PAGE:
Osher Lifelong Learning Institute At Ringling College to Present LISTENING TO WOMEN Series

“Listening to Women” will be presented Jan. 18-Feb. 22, 2024.

By: Dec. 06, 2023
Osher Lifelong Learning Institute At Ringling College to Present LISTENING TO WOMEN Series

The Osher Lifelong Learning Institute at Ringling College (OLLI at Ringling College) will present its fifth annual Listening to Women, a six-session series that recognizes women whose brilliance and fortitude have reshaped industries and who are making a difference in today's communities. The series takes place on Thursdays at 1 pm, from Jan. 18-Feb. 22, 2024, at Sarasota Art Museum, the Ringling College Museum Campus, 1001 S. Tamiami Trail, Sarasota. Registration for the complete series is $81 for OLLI Gold Members and $90 for OLLI Silver Members and general admission; register at www.OLLIatRinglingCollege.org.


Holly Freedman, co-chair of the OLLI Advisory Council, is the founder of the Listening to Women series. Members of the Listening to Women team include Victoria Eckl, Louise Gallagher, Susan Gorin, Bev Harms, Victoria Kasdan, Judy Levine, Terry Rixse, Sherry Suggs, and Tobie van der Vorm.


“At each session, we'll hear the inspiring personal stories of women who, driven by vision, passion, and determination, have achieved success in a variety of fields,” Freedman says. “The women in the 2024 series from Sarasota and Manatee counties have persevered in journalism and civil rights, space science, the visual arts, mentoring children, non-profit leadership, thwarting human trafficking, and shark science. Their inspirational stories will engage and captivate the audience.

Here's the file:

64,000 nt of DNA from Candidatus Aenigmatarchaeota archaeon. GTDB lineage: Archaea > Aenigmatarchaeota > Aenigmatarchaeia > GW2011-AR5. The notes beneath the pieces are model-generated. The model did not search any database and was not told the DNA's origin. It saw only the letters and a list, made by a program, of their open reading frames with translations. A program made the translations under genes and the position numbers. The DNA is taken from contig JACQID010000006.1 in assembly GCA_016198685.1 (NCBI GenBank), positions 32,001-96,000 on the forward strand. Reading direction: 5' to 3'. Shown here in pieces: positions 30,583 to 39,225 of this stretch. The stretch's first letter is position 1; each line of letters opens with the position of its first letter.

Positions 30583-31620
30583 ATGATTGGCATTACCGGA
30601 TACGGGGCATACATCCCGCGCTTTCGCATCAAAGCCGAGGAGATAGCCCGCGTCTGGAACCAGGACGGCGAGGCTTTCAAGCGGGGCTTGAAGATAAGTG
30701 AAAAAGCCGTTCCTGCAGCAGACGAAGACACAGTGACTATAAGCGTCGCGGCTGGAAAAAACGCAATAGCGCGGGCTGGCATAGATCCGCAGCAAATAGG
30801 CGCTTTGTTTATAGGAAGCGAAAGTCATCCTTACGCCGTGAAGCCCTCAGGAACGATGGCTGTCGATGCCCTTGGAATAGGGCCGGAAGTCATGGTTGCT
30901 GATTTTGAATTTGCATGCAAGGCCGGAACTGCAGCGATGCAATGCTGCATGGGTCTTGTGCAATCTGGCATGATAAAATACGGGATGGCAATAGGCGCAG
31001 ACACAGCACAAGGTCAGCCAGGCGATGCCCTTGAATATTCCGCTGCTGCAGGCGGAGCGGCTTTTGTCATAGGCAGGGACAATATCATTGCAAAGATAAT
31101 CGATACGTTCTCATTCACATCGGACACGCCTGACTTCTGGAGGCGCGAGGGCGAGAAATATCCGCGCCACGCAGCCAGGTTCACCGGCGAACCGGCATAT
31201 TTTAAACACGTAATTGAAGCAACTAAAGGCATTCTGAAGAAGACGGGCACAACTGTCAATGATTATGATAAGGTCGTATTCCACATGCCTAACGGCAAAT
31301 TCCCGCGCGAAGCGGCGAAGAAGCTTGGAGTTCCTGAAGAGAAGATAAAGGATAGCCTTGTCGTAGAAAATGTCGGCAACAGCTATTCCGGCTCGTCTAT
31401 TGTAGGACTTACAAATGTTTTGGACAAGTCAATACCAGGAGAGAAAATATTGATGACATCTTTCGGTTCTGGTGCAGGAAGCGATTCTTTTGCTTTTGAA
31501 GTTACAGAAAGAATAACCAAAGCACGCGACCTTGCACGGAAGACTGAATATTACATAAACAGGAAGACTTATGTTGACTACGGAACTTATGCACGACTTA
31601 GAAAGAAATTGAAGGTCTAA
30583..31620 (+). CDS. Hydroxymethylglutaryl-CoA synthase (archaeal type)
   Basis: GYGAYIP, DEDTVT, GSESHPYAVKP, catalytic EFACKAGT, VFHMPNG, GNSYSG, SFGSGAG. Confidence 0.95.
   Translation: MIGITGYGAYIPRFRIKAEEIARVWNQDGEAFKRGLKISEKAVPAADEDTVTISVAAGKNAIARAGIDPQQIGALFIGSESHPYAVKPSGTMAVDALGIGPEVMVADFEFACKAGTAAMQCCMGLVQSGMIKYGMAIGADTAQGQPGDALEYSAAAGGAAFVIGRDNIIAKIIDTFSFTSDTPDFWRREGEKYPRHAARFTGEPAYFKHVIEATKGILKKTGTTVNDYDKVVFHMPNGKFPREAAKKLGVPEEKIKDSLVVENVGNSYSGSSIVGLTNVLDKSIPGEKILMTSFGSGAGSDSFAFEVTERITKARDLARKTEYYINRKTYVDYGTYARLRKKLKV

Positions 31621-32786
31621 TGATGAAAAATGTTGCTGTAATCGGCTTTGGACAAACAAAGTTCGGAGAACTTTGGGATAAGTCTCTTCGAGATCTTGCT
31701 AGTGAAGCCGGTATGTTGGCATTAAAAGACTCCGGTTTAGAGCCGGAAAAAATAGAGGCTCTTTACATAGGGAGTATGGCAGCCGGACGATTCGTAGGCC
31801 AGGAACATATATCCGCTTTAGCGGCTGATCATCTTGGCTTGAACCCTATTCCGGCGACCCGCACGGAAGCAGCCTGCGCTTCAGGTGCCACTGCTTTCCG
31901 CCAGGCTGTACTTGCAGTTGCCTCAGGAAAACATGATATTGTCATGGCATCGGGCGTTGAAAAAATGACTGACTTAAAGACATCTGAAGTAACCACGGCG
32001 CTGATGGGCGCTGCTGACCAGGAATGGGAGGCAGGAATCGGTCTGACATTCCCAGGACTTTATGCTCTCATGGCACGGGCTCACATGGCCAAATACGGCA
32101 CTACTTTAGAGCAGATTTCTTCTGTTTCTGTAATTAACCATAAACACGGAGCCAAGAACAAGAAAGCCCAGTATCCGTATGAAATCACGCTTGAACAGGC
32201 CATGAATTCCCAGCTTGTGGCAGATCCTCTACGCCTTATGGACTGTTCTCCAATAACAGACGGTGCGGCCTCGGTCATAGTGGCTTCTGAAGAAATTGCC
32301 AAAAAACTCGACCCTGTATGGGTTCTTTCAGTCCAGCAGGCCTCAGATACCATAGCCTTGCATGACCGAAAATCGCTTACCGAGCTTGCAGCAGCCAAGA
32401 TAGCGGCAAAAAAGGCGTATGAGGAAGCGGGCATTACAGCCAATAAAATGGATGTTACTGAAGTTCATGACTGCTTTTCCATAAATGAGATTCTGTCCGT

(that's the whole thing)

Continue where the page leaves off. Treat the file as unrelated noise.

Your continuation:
Freedman adds that the Listening to Women series brings attention to the incredible women who live and work here and who are making a difference both locally and globally, and adds to the breadth of OLLI's course offerings. “Our hope is that the audience—men and women—will be motivated to suggest or seek out similar programs at OLLI.”


The Listening to Women schedule at a glance (For complete details and schedule, visit www.OLLIatRinglingCollege.org):


Jan. 18: “Keeping Hope Alive” with Charlayne Hunter-Gault and Liz Walker. Even when we're faced with challenging times, history can keep us hopeful. Emmy Award-winning journalist and author Hunter-Gault began her career at The New Yorker, becoming the first Black reporter for the Talk of the Town section, then joined The New York Times, where she established the Harlem Bureau, the first of its kind. Walker is a former journalist, co-founder of a girls' school in South Sudan, ordained minister, and the creator of Can We Talk, a community-based clinically-supported program focused on collective trauma and healing that is currently being replicated nationwide. A book signing of My People: Five Decades of Writing About Black Lives by Hunter-Gault will follow this session. 

·    Jan. 25: “Why Are We Exploring and Exploiting Space? Who is “We”? And What's the Point?” with Dr. Linda Billings. More and more actors—governments and corporations—are entering the business of exploring and exploiting space, with an increasing focus on establishing a permanent human presence there. Advocates talk of creating lunar bases, Mars colonies, and orbital communities. Should they come to pass, what's the value of these endeavors? Billings is a consultant to NASA's astrobiology and planetary defense programs at NASA headquarters, and co-editor of and contributing author to Reclaiming Space: Progressive and Multicultural Perspectives on Space Exploration.